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Alius peccat, alius plectitur.

One sins and another is punished

Emblema clxxiiii.

Arripit ut lapidem catulus, morsuque fatigat,
Nec percussori mutua damna facit:
Sic plerique sinunt veros elabier hosteis.
Et quos nulla gravat noxia, dente petunt.[1]

A puppy seizes the stone and worries it with his teeth and does not bite back at the one who threw it. Even so, most people allow the true enemy to escape and bite those who carry no burden of guilt.

PLerique sunt qui cm non possint iis inferre no-
xam quibus se laesos putant, ut acceptam iniu-
riam ulciscantur, alios adoriuntur nihim meritos, non
secus ac canis in lapidem saeviens, quod dicitur pro-
verbio.

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L’un fait le mal, l’autre en porte
la peine.

COmme le chien la pierre mord,
Et celuy point ne s’addresse
Dont il auroit receu du tort,
Mais grondant, aller il le laisse:
De mesme, ceux qui font l’offence
Aucuns ne s’attaquent jamais,
Ains de rage & impatience
Se prennent qui n’en peust mais.

AUcuns sont de ceste nature, que ne
pouvans porter nuisance ceux dont
ils pensent avoir receu quelque fascherie,
pour se vanger de l’injure receu, ils se pren-
nent d’autres qui n’ont en rien meffait,
ainsi comme le chien qui mort la pierre jet-
tee, jouxte le proverbe commun.

Notes:

1. Cf. Aesop, Fables 235, where bees sting the wrong person. See Erasmus, Adagia 153, Cum larvis luctari, where the ‘puppy’ comparison is quoted from Aristotle (Rhetoric 3, 4). See also Plato, Republic 5.469E.


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Das [=EMBLEMA] CXXIIII.

Etiam ferocissimos domari.

Even the fiercest are tamed.

Romanum postqum eloquium, Cicerone perempto,
Perdiderat[1] patriae pestis acerba suae:
Incendit [=Inscendit] currus victor, iunxitque leones[2],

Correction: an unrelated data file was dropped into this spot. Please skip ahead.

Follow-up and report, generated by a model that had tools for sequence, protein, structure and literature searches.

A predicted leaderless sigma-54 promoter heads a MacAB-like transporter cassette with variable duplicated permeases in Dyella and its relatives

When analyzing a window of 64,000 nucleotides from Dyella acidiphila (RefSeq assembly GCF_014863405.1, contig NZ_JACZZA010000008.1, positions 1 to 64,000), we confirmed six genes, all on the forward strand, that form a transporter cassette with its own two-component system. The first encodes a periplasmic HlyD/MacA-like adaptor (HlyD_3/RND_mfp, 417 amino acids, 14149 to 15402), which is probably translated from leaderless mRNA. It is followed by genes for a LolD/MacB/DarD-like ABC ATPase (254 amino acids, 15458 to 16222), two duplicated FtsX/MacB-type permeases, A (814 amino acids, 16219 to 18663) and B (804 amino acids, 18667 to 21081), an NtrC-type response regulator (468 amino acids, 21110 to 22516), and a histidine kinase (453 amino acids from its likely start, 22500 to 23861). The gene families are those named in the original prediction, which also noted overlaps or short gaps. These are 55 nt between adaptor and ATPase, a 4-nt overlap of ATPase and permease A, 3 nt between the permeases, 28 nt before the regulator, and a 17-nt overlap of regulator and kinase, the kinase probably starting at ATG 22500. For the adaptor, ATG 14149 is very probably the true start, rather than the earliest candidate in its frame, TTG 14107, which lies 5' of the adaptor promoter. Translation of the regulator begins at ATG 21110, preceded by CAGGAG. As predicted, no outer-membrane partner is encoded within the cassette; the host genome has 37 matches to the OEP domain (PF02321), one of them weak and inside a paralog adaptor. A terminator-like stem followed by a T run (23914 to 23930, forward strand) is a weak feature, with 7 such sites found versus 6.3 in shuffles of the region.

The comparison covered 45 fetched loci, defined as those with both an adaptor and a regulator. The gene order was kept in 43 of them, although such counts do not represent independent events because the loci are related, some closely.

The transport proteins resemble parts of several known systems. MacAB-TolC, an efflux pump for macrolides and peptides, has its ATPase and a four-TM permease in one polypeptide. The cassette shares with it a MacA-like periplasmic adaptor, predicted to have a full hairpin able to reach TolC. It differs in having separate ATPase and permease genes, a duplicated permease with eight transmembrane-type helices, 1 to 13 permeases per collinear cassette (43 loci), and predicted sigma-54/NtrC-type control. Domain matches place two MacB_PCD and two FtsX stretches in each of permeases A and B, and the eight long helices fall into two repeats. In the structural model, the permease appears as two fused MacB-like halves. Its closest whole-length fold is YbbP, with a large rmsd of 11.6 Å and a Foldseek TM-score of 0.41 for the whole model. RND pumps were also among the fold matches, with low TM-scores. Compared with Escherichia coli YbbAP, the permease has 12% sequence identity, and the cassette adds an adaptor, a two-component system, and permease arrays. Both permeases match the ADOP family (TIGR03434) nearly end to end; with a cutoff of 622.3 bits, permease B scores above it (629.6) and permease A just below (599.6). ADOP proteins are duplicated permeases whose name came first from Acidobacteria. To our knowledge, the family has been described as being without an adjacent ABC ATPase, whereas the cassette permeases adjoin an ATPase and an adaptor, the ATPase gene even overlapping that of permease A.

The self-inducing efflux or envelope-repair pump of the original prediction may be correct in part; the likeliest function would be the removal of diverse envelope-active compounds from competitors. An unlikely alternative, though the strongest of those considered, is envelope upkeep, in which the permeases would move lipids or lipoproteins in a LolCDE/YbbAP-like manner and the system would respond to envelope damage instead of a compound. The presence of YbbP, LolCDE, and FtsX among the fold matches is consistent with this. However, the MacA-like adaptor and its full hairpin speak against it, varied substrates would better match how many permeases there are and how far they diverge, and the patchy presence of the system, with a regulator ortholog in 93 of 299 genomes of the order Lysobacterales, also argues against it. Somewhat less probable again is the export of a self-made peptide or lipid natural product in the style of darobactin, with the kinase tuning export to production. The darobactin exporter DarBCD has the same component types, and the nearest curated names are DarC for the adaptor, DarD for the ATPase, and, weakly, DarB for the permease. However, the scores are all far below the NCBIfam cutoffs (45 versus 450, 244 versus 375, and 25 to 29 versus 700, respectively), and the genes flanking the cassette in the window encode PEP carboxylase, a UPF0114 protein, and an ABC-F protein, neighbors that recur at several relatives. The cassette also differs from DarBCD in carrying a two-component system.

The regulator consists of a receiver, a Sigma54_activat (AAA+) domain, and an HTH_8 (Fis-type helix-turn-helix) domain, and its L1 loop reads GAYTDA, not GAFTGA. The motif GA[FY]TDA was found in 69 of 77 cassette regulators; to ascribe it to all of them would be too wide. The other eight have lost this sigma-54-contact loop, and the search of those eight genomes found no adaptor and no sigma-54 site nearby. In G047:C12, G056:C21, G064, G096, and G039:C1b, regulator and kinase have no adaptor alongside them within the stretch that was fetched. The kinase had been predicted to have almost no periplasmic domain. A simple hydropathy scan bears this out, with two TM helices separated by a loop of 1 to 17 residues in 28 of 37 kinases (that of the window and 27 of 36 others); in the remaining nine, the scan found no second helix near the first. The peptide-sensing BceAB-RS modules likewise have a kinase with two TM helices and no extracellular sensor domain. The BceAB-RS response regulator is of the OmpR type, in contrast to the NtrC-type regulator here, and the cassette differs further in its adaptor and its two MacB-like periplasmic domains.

Compulit & durum colla subire iugum,
Magnanimos cessisse suis Antonius armis,
Ambage hac cupiens significare duces.

After Antony, that grievous bane of his country, had destroyed eloquence by slaying Cicero, he mounted his chariot in triumph and yoked to it lions, forcing their necks to bow to the harsh yoke, desiring by this symbolic act to indicate that great leaders had given way before his military might.

Das CXXIIII.

Man kan auch die aller frechsten zemen
und baschgen .[3]

Nach dem jetz hett verloren Rom
Link to an image of this page Link to an image of this page [M6v f81v] Den Edlen wolberedten Mann
Ciceronem, so war umbbracht
Dem Vatterland zu grosser schmach
Satzt sich auff einen Wagen stoltz
Antonius der volle Boltz
Den zogen zwen wild Lwen gro
Als werens darzu gwente Ro
Damit gab er ja zuverstehn
Das nach seinem willen thet gehn
Dann er also seim Feind obsigt
Die grossen Frsten undertrckt.

Notes:

1. ‘had destroyed eloquence by slaying Cicero’. Cicero was considered Rome’s greatest orator - his name was held by many to be synonymous with eloquence itself; see Quintilian, Institutio oratoria 10.1.112. Mark Antony had Cicero murdered in 43 BC in revenge for his scathing attacks in the fourteen ‘Philippic’ orations. See Seneca the Elder, Suasoriae 6.17.

2. Cf. Pliny, Natural History 8.21.55: Antony was the first to yoke lions to a chariot in Rome...by this unnatural sight giving people to understand that noble spirits were at that time bowing to the yoke.

3. The German in certain parts of this emblem is particularly puzzling.


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  • Eloquence; 'Eloquenza', 'Fermezza & Gravit dell'Oratione' (Ripa) [52D3] Search | Browse Iconclass
  • Authority, Power; 'Dominio', 'Giurisdittione' (Ripa) (+ emblematical representation of concept) [53C11(+4):54F2(+2)] Search | Browse Iconclass
  • Vehemence, Violence, Fierceness; 'Sforza con Inganno', 'Violenza' (Ripa) [54AA4] Search | Browse Iconclass
  • death of Cicero: he is slain by soldiers at the order of the triumvirs [98B(CICERO)68] Search | Browse Iconclass

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